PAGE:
In a lawsuit with multiple parties, a defendant may want to settle with the plaintiff to avoid the cost, time, stress, and risk of going to trial. As a result, the Canadian courts recognize Pierringer agreements, which allow one or more, but not all, defendant(s) to settle with the plaintiff and be removed from the lawsuit completely, while the remaining defendant(s) proceeds to trial.
Once the defendant and the plaintiff reach a settlement; the lawsuit is discontinued against that defendant and the plaintiff amends the lawsuit to remove the defendant from the lawsuit. As a result, the defendant does not usually participate in the remaining steps of the lawsuit.
The plaintiff must be cautious and careful to assess the settlement as it cannot retrieve any excess amounts from the settling defendant. For example, if the judge finds that the plaintiff would have been entitled to more compensation from the defendant it settled with, the plaintiff is not entitled to that additional amount. Moreover, the remaining non-setting defendant is only responsible for the loss it actually caused to the plaintiff.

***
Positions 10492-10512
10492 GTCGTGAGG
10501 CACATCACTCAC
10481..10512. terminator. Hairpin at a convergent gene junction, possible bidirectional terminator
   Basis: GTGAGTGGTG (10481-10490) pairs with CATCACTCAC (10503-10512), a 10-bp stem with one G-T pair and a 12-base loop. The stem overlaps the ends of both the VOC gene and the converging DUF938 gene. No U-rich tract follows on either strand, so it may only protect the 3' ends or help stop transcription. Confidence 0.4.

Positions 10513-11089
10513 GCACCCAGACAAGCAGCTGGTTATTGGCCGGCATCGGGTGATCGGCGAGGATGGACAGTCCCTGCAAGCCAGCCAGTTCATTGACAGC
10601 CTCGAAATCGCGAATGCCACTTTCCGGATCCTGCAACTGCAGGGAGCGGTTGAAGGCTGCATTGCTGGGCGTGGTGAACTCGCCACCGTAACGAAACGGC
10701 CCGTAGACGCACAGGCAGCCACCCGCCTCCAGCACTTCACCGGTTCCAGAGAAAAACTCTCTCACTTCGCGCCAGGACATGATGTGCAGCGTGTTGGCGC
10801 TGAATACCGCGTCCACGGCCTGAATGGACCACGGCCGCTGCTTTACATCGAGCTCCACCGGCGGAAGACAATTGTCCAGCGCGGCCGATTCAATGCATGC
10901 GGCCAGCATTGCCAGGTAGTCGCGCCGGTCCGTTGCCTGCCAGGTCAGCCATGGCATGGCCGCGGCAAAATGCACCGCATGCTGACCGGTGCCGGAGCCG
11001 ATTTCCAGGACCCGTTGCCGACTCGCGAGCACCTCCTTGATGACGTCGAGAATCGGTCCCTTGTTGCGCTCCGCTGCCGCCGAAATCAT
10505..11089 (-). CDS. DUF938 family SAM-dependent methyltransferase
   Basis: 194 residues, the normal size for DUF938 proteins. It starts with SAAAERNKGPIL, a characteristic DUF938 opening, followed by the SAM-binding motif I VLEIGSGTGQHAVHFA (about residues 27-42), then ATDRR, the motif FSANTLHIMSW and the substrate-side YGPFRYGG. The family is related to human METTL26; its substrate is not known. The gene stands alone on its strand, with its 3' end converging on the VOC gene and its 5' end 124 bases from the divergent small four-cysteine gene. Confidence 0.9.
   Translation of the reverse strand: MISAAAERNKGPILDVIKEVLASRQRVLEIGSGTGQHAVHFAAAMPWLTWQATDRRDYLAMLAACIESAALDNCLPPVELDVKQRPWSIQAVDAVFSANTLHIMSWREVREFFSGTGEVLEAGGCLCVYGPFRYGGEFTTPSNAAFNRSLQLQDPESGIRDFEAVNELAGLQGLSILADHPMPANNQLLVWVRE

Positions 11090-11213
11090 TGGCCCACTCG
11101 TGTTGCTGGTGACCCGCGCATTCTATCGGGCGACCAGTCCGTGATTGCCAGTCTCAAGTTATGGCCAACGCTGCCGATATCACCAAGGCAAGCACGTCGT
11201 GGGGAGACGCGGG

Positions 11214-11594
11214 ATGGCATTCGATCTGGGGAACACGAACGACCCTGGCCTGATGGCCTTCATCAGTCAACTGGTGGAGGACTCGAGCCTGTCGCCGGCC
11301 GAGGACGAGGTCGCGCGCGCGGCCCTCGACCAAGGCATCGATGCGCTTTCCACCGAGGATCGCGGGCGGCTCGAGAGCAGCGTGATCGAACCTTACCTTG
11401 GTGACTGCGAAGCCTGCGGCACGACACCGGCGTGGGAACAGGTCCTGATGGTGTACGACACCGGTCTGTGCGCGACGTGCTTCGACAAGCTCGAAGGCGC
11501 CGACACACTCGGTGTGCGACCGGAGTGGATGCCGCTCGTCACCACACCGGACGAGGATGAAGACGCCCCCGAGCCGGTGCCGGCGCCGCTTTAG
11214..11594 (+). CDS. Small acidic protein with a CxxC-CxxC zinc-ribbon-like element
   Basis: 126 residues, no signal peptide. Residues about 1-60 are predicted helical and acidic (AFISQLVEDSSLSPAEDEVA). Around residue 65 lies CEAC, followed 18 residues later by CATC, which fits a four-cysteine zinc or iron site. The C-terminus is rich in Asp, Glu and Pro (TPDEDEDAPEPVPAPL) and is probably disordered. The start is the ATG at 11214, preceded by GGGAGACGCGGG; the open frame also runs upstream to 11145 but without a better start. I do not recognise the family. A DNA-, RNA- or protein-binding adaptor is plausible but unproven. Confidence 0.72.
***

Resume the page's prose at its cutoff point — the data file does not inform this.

Pierringer agreements are covered by settlement privilege, meaning that the financial terms of the agreement do not need to be disclosed to the non-settling defendant. The non-settling defendant is however entitled to know all non-financial terms of the settlement, as well as the right to be provided with relevant documents and evidence in the settling defendant's possession and have access to the settling defendant's experts at trial.
The plaintiff is required to disclose the settlement agreement immediately to the non-settling defendant, especially if it has an effect of changing the adversarial position of the parties. If the plaintiff does not promptly disclose the settlement agreement, the judge may order a stay of proceedings, which means to suspend or stop the lawsuit.
The financial terms of the settlement will be disclosed to the judge and the non-settling defendant at the conclusion of trial to ensure that the plaintiffs are not over compensated or receive a double recovery. In the instance that the plaintiff is awarded a higher amount than what was claimed, the judge will adjust the award accordingly.
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